Buyers are unlikely to be persuaded, or even interested, in a sales pitch that is purely dry and informative. It has to be personalized, striking an emotion that will generate a response. Sometimes that is a promise of happiness (food or entertainment) or relief from pain (medicine), a fear of missing out on something important (news or a competitive advantage) or risking harm without it (a security system), or – to strike at the heart of many - greater acceptance by others (stylish clothes, a new car, cosmetics, a cool toy).
And people love stories. We always have. Storytellers have been an integral part of our civilization before, well, there was any civilization. We learn from stories and respond to circumstances that we could very well imagine ourselves to be in. We use them to teach, to warn, and to share our experiences and history.
That is where performance comes in, to make personal the impersonal. Graphics, sound, music, the human voice and physical actions – together, they tell a story to alert potential buyers to the sales message, activating our senses and stirring up emotions that will (ideally) lead us to realize that the presented product or service solves one of our own, very real problem. Even if it’s not a problem we have, we generally sympathize with the problem that the people in the commercial are facing. And if the message fails to entertain us or touch our hearts, well, then the TV channel or radio station is changed, the mouse is clicked, and we move on.
The phrase “pain point” is right on. As human beings, we’re almost always feeling some sort of pain. Small or great. Physical, emotional, mental, or spiritual. Sometimes it’s a sense of emptiness or loss or just a feeling that we’re somehow missing out. As social creatures, we recognize pain in others and respond, most of us empathizing with them and wanting to help. Effective marketing strategies recognize this human dynamic and use it to show a solution to a common problem … or play to an underlying pain point and create one that can be immediately solved with their product. Similarly, artists use their mediums of video, audio, and the written word to explore flaws in the human condition, celebrate triumph over adversity, draw attention to injustices, and awaken us to a greater purpose in our lives.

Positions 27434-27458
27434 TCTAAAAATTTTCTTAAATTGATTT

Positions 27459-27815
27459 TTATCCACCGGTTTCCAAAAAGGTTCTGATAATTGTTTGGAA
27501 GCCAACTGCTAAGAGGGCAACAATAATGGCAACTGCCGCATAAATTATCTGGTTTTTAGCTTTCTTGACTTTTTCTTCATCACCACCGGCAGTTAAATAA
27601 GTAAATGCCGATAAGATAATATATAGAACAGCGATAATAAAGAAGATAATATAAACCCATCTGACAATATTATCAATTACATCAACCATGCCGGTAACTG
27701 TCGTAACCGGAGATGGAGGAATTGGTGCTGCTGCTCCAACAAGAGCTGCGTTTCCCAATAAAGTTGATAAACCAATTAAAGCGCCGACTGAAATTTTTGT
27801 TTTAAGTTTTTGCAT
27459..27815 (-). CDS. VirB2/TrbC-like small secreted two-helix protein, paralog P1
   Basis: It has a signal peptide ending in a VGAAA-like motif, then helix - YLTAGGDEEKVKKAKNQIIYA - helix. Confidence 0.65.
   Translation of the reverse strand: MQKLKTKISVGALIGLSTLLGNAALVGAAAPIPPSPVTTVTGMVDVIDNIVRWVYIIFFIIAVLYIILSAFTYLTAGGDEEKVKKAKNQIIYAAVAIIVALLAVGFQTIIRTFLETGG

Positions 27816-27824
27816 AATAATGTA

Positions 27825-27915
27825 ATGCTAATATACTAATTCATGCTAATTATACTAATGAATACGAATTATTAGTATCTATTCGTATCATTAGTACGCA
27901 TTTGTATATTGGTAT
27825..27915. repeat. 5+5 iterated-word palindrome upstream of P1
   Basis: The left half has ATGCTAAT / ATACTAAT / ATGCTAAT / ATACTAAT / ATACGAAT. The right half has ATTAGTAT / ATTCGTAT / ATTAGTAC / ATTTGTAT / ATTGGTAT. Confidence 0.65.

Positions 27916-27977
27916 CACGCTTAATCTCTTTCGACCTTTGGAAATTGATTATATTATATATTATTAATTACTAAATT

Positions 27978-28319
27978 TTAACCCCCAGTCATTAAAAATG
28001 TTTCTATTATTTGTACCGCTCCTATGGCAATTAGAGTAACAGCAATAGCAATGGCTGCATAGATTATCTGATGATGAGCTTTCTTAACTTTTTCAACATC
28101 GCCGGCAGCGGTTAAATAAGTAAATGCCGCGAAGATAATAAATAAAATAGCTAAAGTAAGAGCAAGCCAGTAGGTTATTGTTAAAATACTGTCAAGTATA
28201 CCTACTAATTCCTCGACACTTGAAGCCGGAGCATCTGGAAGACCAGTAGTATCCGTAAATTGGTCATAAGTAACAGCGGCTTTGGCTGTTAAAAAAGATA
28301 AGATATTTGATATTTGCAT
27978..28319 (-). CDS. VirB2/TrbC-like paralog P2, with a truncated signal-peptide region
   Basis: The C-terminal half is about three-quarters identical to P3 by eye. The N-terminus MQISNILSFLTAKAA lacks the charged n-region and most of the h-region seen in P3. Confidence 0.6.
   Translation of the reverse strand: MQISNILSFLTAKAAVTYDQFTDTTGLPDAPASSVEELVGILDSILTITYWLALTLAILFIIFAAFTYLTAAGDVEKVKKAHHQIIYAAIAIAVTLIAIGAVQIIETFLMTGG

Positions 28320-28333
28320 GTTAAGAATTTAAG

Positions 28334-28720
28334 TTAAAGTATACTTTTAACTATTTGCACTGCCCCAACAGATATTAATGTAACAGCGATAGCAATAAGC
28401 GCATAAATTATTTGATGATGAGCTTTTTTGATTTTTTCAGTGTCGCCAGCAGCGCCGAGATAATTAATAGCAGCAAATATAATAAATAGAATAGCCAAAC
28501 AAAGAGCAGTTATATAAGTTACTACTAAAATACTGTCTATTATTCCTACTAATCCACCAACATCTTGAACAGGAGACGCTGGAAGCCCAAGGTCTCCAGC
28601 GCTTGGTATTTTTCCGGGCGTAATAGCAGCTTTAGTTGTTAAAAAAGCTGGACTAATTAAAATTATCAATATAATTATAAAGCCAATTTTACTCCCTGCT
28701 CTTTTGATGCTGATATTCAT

Like the yin-yang symbol, thought and emotion are intertwined within us. Thought sparks ideas, ways of tackling problems, and planning our actions. Emotion spurs us to action, providing an array of feelings, memories, and sensory reactions that color and influence our motivations. And the most effective messages integrate thought and emotion to inspire a reaction. Thought to lay the groundwork and logical reason for accepting what’s presented. And emotion to give us a personal reason to agree and act upon it.
When I was in business, I worked on the intellectual side of the sales and marketing process: the selling points of my company’s products and services, the solution it provided, the benefits to the customer. Now that I’m an actress, my work on a commercial or video narration is to discover and share the emotional impetus of my client’s message. Two sides of the same coin, both an integral part of the overall story.
I appreciate my business background; it really helps me understand things from my client’s perspective. And I always enjoyed the presentational and educational portion of my corporate job; it allowed my inner actress to come out and play. So, I have to encourage people from both sides of the coin to occasionally flip their side over and take a look the other half. Not only may they find it interesting, but perhaps it can also help them come away with a better appreciation of how both business and creative folks can work together well to create the final product. It’s the yin-yang of the human experience. One that has a practical application for those producing commercials, videos, and other media to promote a business: crafting highly effective messages that generate more sales and a better bottom line for everyone.